August 31, 2012; Source: Stateline
Some voter ID laws in the U.S. are getting kicked to the sidelines because of their discriminatory effects. The federal courts blocked South Carolina’s 2011 voter ID law because of its racially discriminatory effect, and the author of that law has acknowledged responding positively to one fellow who encouraged him to enact the law by citing its impact on African-Americans. Florida’s voter ID law may be thrown out entirely. And last week, the federal courts rejected the Texas voter ID law for its “strict, unforgiving burdens on the poor.” Nonetheless, South Carolina is still pushing for federal approval of its voter ID law, and Florida’s law has already deterred many eligible voters from registering.
Overall, 33 states have enacted voter ID laws and the state legislatures of 14 additional states are considering the idea. What widespread voter fraud is being challenged in states that require photo IDs such as South Dakota, Idaho, Kansas, and Hawaii? In Tennessee, with one of the strictest voter ID laws in the nation, there have been a total of only fourteen cases of voter fraud since 2000, and not one of them involved charges of voter impersonation, which is what photo ID requirements supposedly prevent. How many eligible citizens in Tennessee who should be able to vote will be turned away because of their lacking the necessary paperwork versus the number of instances of people trying to cast fraudulent votes?
Groups such as Asian & Pacific Islander American Vote (APIAV) are trying to get constituents not only to register, but to gin up enthusiasm for the newly registered voters to get engaged in the political process. APIAV indicates that one of the obstacles is that the new voters are leery of the political process. With the multiplicity of confusing voter ID laws, some with pretty obvious intentions of limiting or shrinking the electorate, is it any surprise that people might be put off by politics?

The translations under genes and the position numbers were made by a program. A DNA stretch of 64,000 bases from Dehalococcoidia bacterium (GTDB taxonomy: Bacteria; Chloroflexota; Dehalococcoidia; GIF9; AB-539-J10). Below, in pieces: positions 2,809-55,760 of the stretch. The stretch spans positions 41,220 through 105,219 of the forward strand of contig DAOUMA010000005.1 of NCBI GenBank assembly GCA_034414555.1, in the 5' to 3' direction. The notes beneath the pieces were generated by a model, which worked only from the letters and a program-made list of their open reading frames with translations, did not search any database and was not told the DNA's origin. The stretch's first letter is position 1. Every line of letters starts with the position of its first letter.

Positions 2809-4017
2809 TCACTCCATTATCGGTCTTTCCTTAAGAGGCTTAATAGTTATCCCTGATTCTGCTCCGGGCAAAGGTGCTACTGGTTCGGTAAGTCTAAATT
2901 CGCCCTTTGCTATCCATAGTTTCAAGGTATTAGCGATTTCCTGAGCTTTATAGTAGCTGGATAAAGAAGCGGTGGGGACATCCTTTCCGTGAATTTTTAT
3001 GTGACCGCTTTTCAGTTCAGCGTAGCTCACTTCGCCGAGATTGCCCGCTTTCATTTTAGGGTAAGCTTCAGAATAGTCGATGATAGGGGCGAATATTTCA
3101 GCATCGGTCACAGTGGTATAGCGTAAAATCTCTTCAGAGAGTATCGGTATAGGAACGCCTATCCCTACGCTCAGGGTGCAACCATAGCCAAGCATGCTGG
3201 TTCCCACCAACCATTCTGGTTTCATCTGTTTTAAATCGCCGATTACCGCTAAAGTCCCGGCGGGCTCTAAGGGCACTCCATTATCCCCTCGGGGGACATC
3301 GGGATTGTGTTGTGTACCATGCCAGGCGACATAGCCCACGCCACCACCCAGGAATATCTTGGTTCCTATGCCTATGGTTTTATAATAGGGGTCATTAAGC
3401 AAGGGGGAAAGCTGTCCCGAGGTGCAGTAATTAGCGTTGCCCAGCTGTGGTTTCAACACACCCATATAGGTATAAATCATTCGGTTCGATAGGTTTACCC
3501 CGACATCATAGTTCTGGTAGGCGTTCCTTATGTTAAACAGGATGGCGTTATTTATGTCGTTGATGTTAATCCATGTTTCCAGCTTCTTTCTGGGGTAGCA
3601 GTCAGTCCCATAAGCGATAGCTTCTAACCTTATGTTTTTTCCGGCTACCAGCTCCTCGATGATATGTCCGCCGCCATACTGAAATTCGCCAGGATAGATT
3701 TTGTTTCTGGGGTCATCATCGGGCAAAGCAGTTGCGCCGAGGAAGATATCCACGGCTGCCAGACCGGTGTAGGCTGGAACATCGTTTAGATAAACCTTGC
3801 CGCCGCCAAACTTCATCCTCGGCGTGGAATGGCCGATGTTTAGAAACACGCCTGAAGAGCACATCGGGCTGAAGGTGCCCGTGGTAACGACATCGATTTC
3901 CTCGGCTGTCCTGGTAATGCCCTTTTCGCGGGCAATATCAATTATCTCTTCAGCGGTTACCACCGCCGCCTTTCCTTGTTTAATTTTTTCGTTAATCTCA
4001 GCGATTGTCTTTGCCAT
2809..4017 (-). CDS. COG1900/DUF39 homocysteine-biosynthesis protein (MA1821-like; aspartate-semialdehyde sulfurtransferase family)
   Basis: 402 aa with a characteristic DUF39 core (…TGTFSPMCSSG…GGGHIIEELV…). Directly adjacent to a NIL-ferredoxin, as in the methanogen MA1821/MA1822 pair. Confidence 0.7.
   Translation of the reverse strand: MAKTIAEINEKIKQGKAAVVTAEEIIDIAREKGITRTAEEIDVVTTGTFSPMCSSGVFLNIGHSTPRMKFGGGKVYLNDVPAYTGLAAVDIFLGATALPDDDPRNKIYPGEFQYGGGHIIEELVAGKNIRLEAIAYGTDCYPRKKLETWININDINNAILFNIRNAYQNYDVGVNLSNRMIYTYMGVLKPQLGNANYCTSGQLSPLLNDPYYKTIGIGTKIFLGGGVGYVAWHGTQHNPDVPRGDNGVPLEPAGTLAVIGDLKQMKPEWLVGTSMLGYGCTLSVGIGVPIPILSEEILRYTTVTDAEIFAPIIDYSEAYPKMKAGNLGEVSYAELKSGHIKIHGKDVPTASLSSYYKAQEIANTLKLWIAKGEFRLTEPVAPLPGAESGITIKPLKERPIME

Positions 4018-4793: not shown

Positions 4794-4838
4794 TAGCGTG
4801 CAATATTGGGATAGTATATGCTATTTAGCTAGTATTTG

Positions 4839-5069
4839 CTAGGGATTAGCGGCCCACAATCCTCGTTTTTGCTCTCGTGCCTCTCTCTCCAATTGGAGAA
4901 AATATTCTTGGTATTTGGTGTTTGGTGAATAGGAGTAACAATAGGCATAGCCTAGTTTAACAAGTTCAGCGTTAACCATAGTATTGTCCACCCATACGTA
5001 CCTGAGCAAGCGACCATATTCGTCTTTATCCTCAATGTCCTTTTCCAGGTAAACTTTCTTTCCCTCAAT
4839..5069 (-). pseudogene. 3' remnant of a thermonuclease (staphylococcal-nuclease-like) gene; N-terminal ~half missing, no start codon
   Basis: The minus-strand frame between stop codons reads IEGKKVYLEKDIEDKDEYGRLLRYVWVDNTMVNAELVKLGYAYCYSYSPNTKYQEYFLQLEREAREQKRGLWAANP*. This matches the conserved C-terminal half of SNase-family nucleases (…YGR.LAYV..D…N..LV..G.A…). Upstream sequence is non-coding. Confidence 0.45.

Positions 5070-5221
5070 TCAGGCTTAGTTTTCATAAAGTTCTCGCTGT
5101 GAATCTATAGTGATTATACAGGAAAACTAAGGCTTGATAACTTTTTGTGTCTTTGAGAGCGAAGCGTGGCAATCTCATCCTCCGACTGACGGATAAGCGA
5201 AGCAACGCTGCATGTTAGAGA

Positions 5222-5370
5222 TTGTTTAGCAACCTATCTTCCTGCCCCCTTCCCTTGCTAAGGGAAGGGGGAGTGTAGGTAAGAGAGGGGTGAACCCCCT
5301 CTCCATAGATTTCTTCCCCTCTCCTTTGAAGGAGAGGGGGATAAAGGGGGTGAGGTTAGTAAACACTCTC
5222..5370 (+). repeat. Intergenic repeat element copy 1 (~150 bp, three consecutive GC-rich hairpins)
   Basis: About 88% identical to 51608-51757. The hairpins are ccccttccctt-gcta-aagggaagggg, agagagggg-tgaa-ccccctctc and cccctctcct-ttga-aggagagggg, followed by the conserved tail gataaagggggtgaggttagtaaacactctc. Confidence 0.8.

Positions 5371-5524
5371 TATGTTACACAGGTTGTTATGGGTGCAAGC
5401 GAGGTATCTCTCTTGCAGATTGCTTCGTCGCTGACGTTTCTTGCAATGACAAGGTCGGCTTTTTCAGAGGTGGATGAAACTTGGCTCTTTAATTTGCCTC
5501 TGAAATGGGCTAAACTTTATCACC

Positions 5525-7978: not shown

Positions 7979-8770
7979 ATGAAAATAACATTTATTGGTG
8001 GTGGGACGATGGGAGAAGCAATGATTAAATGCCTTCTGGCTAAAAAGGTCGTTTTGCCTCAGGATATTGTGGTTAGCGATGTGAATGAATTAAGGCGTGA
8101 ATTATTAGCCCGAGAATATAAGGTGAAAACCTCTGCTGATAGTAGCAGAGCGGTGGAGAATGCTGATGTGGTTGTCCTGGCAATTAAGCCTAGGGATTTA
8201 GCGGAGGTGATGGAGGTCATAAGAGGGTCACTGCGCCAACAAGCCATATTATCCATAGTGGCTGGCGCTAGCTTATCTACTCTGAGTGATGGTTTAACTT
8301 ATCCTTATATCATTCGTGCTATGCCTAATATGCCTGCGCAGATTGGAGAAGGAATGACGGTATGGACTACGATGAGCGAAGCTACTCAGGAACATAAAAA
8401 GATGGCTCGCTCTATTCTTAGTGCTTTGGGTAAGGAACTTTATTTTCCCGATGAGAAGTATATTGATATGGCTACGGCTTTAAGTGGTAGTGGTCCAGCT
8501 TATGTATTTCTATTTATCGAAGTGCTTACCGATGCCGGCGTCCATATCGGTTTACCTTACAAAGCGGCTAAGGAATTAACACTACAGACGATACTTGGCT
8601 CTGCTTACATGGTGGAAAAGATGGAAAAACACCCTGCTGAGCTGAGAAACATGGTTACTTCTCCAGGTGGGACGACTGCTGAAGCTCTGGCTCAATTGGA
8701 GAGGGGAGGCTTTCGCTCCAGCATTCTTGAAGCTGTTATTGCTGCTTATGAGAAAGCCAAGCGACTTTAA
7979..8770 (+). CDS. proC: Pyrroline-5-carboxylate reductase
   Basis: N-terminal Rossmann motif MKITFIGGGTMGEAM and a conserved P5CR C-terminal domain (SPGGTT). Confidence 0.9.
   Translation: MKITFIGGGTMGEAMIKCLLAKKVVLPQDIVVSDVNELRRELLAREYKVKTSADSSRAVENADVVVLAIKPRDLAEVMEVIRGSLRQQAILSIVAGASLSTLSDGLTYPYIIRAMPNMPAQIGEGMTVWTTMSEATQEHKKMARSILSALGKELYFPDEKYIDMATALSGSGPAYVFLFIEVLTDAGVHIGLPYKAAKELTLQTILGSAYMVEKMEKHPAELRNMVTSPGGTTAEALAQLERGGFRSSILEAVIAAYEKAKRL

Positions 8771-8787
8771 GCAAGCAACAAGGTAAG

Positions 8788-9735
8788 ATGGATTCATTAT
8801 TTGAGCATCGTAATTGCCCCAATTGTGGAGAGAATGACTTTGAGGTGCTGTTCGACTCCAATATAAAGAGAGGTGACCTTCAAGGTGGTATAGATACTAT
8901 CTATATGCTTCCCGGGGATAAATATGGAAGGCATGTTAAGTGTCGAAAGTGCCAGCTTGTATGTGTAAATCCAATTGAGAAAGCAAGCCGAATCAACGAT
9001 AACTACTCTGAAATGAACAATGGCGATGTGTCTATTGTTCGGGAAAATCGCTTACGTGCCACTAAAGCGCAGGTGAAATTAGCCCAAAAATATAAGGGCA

If you think about activities that have morphed into core functions for a broad swath of the nonprofit sector, voter registration ranks very high. The Constitution and various amendments describe how assorted classes of people cannot be denied the right to vote, but the determination of who can vote and how they can be registered to vote is left to the states. However, the mission of the entire nonprofit sector in the United States, we at NPQ believe, is small “d” democracy. There can be no more important element of that democratic mission than helping people who are eligible to vote to register and get to the polls. Whether focused on health care, human services, the arts, etc., any nonprofit can encourage its staff and volunteers to register and vote, provide information for its constituents and visitors about registering, and put a staff person or two at a registration table to help eligible people vote. But with the proliferation of voter ID laws, the democratic mission of the nonprofit sector gets more difficult daily.
The practical challenges include keeping up with the changing laws in a couple of dozen states that have changed the rules, learning what the states are telling local election managers about eligibility and identification requirements, and helping the people most likely to be affected by the new rules—minorities and the poor—to obtain what they need, including, in some states, new voter ID cards. Making and implementing voter registration changes this close to the national presidential election is a guaranteed recipe for making a difficult process more than a little chaotic, and the closer we get to the election, it is likely that states will see spikes in requests for new voter IDs.
The Republican state legislatures pushing these new laws claim that they are trying to stop widespread voter fraud. Their opponents charge that the Republicans are simply trying to shrink the electorate and reduce the minority turnout that would likely support Democrats. The evidence of widespread voter fraud isn’t there, but the potential impact of the voter ID laws on the size and composition of the electorate is harder to deny. —Rick Cohen